Maybe it’s all the time I’ve spent at home, spending time on Instagram, watching T.V. shows and movies and feeling more than a bit put-off by the preternaturally plumped cheek, plastic-sheen skin breed of women who are out there, on-screen, admittedly mostly in Hollywood and Bollywood productions.
Watching these celebrities was a stark reminder that stretched and puffy is as creepy looking as I thought when it first began to emerge. This is not to say that we don’t see it here as well, albeit a little less, it’s still pretty obvious if you look at pre-covid society event pictures, beautifully glamourous from the neck down but oddly stretched and puffed out from the neck up. Pillow lips, hamster cheeks and ice rink foreheads, it’s frightening.
I look at famous people many of whom have been in our collective radar for years, and they seem to be gradually fading into the background, the facial intricacies that made them unique and interesting replaced by a smoothed out, less characterful, homogenous, but
still beautiful people. They look great, but they don’t look like them, they don’t look real, they look like they’re all morphing into the same person and its worrying. Seriously, the next time you’re chilling at home and flicking through Netflix try to find some stars over forty years old, who haven’t had some form of tweakment! It’s harder than it sounds, which is odd when you consider that there’s not much positive conversation surrounding actresses and models who have stretched (no pun intended) the boundaries with filler and surgery. And how much positive press the more natural, ageing gracefully stars like Drew Barrymore, Halle Berry, Sigourney Weaver, Angela Basset and Julianne Moore receive. Who knows if they’ve had work or not, but if they have, they’ve chosen to keep it more real.
Unilever earlier this week sent out a global statement expressly saying that they will drop the word "normal" from their beauty products and ban excessive editing of models' photos in a push for inclusivity. Unilever said the editing ban would apply to "body shape, size, proportion and skin color" and "normal" would be removed from two hundred products. They want to create a "more inclusive definition of beauty.”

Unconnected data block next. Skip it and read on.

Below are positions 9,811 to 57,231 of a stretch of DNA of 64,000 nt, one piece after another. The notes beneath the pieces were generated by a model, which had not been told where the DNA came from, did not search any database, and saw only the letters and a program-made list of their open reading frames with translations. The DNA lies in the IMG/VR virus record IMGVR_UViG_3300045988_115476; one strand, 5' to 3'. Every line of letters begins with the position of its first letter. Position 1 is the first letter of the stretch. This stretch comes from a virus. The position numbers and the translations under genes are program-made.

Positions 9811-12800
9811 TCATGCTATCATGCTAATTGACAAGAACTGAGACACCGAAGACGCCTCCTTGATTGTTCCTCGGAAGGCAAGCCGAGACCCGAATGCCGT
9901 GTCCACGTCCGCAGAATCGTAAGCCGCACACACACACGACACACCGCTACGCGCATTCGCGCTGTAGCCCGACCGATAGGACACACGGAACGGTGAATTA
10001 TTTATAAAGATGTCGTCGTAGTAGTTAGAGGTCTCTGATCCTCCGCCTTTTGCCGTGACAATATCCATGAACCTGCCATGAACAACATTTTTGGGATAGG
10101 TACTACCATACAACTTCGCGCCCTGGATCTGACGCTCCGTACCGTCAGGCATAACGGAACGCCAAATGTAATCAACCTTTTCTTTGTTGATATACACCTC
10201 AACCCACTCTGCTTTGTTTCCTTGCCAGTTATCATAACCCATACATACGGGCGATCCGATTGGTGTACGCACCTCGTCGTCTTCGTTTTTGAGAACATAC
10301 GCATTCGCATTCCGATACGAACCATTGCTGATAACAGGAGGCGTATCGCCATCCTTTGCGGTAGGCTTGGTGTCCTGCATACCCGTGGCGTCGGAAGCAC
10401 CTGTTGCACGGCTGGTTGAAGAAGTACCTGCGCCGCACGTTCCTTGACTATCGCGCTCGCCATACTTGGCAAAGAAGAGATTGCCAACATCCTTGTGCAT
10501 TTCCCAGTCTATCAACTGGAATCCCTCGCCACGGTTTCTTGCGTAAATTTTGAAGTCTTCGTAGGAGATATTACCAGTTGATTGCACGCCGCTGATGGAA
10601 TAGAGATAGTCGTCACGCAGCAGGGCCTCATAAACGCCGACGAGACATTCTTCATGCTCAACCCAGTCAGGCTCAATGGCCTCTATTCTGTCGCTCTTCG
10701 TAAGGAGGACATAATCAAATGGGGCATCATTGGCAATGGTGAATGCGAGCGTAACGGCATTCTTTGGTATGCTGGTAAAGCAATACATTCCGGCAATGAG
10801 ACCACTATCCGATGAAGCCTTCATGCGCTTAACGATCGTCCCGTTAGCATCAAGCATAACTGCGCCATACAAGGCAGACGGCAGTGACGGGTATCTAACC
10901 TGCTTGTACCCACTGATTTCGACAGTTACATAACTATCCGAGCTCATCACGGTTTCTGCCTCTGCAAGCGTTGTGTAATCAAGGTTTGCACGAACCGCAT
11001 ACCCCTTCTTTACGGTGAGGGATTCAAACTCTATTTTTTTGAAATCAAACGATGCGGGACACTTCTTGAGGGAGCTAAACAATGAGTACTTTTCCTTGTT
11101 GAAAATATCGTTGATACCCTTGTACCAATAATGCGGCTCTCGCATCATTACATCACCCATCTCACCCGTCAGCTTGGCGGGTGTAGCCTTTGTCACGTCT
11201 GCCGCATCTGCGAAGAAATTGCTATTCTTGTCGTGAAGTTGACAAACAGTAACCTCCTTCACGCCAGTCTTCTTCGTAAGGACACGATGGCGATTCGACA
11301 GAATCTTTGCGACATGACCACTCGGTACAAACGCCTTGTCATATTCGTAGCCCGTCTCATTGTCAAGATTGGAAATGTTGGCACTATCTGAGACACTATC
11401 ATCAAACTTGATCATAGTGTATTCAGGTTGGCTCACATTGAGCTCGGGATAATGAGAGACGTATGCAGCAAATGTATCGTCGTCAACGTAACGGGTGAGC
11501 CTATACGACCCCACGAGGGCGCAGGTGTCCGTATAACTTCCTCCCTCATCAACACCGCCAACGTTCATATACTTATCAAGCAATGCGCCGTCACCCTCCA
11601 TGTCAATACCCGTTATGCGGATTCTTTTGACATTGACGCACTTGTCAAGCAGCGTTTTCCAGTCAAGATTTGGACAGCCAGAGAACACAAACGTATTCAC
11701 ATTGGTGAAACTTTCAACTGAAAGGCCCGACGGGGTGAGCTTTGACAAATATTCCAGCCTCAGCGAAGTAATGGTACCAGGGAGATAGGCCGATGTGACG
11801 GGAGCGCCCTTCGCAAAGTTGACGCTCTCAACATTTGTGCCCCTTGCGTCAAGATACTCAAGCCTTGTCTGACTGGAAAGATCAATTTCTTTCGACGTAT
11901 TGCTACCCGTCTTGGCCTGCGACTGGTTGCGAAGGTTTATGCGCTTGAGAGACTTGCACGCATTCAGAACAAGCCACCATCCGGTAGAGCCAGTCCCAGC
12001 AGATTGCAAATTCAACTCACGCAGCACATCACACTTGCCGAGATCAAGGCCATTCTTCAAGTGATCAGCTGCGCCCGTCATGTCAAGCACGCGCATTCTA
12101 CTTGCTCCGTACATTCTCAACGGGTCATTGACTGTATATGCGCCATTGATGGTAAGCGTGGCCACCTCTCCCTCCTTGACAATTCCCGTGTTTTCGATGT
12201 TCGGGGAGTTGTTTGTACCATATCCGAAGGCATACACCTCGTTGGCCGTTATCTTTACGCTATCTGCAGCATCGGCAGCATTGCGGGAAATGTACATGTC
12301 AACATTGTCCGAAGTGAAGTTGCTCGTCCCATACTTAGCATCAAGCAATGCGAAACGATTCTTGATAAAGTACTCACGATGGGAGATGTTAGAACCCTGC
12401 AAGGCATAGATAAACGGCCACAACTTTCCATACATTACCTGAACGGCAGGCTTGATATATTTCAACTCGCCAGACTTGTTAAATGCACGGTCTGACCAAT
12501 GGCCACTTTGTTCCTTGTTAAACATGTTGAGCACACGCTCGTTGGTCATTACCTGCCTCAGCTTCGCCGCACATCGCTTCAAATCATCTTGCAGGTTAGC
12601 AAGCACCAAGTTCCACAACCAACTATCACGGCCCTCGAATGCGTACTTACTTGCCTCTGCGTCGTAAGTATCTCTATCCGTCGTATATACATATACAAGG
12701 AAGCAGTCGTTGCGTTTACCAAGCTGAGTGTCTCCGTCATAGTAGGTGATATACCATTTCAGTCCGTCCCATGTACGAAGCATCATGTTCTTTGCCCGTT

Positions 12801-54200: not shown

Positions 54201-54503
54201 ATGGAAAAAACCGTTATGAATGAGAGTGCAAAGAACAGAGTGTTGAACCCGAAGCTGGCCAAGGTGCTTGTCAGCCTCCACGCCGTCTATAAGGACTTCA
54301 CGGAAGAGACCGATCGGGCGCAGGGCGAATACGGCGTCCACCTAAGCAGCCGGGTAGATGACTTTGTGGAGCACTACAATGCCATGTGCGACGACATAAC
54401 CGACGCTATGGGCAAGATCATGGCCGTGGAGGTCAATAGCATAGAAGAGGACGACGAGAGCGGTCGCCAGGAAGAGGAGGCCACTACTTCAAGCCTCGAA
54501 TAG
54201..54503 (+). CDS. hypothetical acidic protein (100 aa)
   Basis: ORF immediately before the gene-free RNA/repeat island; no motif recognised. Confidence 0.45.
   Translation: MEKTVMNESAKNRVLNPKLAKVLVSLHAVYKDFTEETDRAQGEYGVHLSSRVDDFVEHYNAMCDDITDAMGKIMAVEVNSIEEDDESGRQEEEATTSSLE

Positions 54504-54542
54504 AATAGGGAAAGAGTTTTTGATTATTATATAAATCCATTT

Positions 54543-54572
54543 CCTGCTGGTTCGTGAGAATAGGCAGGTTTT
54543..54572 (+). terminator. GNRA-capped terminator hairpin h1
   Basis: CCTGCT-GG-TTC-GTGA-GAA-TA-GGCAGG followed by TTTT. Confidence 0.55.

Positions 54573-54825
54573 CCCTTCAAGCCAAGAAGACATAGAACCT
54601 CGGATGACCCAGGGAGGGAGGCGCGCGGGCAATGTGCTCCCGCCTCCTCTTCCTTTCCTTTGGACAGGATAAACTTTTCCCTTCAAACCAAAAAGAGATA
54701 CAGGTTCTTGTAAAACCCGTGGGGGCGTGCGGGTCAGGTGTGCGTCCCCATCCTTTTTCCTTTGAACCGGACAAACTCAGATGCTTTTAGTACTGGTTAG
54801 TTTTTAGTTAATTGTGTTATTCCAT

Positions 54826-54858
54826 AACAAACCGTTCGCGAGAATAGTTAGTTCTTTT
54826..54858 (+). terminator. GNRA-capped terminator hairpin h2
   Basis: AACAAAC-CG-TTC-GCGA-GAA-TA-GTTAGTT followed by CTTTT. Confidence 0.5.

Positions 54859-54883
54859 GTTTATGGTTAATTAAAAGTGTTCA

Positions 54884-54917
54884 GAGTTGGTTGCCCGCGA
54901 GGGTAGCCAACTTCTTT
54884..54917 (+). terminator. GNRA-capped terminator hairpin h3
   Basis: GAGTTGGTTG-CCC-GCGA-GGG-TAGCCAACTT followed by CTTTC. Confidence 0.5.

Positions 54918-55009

The firm has previously faced allegations that it promoted stereotypes around dark skin tones. The ban on editing will include photos taken of models as well as social media influencers. On the change to its marketing strategy, the firm's President of Beauty and Personal Care Products, Sunny Jain, said: "We know that removing 'normal' from our products and packaging will not fix the problem alone, but it is an important step forward.”
It is an important step forward, especially for younger, impressionable audiences. In our increasingly digital lives, filters are fast replacing make-up and airbrushing is rife! Those who spend any time on Instagram will see the unrealistic, filtered, and airbrushed to perfection, images of celebrities and influencers that we try and emulate. Are we that filled with self-loathing that we can’t bear to see what we really look like, is it the pressure to be perfect that drives us or is it our self-esteem in rapid decline? Don’t get me wrong I’m not above the fray and have shared many edited versions of myself on social media platforms, but I’m rethinking and rebooting.
You’re probably thinking what’s the harm in adding those long lashes or pixie eyes or a skin-flattering light, but for some that leads to more invasive territory: carving out cheekbones, accentuating jawlines, reshaping thighs, arms and breasts and smoothing out skin until it appears poreless, and doll-like. In our pandemic reality we’ve never spent so much time online, looking at ourselves be it on Zoom calls, WhatsApp video chats or Tik Tok. Our phones have become a mirror that we always have handy and with that comes a worrying rise in aesthetic dissatisfaction. When our online filtered selves aren’t enough anymore, then we try to translate that into real life and the dissatisfaction goes on.
Am I denouncing cosmetic intervention, no I’m not, I’m also not throwing out the notion of make-up to enhance your natural appearance, ccelebratee your inherent beauty, and express your individual self, but not to alter it. But I am against filters and this really resonated with me.
“The problem with filters lies in their homogeneity: the fact that you're using them in order to look like someone else, or to meet someone else's beauty standards. Sure, the same can be said about cosmetics, but the true joy of make-up involves enhancing what you have; wear a full face, a barely there look or a creative statement, but wear it for you, not for others, and certainly not for the internet,” Roberta Schroeder.
Hair-brushed, yes. Airbrushed, a hard pass.